Political Theory and the Rights of Indigenous Peoples

Duncan Ivison (Editor), Paul Patton (Editor), Will Sanders (Editor)

Research output: Book/ReportBookpeer-review


This challenging book focuses on the problem of justice for indigenous peoples – in philosophical, legal, cultural and political contexts – and the ways in which this problem poses key questions for political theory. It includes chapters by leading political theorists and indigenous scholars from Australia, Aotearoa/New Zealand, Canada and the United States. One of the strengths of this book is the manner in which it shows how the different historical circumstances of colonisation in these countries raise common problems and questions for contemporary political theory. It examines ways in which political theory has contributed to the past subjugation and continuing disadvantage faced by indigenous peoples, while also seeking to identify resources in contemporary political thought that can assist the ongoing processes of 'decolonisation' of relations between indigenous and non-indigenous peoples.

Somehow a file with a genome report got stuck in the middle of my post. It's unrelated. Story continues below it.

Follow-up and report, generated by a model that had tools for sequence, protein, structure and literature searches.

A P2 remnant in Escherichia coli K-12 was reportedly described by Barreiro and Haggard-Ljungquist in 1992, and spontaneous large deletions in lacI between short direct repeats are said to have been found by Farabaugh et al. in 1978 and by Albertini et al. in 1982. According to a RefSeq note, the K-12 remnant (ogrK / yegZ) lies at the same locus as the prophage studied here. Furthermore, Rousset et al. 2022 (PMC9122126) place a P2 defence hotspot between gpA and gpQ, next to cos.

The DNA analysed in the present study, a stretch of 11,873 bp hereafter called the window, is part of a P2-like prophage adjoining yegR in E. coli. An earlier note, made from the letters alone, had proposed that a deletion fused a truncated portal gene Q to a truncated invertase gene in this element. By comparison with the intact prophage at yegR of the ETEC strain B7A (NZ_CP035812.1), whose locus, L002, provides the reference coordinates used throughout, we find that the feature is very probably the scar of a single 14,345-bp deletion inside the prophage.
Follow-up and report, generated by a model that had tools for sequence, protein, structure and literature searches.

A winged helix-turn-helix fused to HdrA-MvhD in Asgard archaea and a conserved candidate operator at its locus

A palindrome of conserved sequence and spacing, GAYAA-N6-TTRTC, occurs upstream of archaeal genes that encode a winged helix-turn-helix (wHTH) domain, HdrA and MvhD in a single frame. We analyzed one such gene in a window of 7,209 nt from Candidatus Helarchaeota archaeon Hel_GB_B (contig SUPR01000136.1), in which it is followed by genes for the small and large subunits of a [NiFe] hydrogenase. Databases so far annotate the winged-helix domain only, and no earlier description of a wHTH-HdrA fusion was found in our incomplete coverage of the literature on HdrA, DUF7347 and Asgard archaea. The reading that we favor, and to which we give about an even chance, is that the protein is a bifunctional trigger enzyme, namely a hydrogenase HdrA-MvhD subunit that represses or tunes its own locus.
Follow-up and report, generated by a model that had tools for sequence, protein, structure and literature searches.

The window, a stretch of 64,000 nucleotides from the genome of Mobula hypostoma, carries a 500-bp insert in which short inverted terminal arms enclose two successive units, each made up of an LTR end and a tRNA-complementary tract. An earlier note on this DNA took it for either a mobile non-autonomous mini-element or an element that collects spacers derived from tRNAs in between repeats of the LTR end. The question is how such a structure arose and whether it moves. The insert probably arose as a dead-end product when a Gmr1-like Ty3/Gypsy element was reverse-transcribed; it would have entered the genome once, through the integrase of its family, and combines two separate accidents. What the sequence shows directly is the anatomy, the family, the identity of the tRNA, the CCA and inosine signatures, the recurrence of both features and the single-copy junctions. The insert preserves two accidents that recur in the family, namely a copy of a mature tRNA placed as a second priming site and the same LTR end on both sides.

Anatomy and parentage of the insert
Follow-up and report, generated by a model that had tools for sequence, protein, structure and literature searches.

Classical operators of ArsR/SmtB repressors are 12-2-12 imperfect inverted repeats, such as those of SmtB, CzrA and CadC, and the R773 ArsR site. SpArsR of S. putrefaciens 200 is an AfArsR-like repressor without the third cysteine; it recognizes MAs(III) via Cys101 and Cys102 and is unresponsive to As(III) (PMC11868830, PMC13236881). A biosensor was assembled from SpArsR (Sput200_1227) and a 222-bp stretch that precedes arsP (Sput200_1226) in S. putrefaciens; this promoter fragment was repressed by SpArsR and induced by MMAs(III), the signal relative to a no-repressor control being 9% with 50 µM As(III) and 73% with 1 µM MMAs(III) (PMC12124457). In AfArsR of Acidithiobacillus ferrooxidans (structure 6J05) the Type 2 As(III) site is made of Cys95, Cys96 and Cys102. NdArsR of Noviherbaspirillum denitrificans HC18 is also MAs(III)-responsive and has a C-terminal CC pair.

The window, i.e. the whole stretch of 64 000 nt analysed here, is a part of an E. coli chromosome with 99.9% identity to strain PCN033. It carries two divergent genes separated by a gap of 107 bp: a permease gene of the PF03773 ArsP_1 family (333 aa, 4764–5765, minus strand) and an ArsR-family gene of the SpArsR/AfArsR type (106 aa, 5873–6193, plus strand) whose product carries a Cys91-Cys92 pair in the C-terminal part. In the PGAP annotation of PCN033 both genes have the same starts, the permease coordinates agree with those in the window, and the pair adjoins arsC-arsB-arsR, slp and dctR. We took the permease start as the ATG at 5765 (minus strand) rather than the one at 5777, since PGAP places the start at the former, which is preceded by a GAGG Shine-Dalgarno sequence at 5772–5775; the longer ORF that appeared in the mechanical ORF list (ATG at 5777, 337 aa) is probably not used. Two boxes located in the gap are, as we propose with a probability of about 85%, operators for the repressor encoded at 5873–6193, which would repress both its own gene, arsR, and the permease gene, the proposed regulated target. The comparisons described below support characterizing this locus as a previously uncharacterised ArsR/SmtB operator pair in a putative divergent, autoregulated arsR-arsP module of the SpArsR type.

Approaches the issue of Aboriginal rights from the perspective of key issues in contemporary political theory
Brings together leading contemporary political theorists
Focuses on three key concepts: sovereignty, identity, democracy and the nation
Original languageEnglish
Place of PublicationCambridge, UK
PublisherCambridge University Press
Number of pages323
ISBN (Print)9780521779371, 0521779375, 0521770483
Publication statusPublished - 2000
Externally publishedYes


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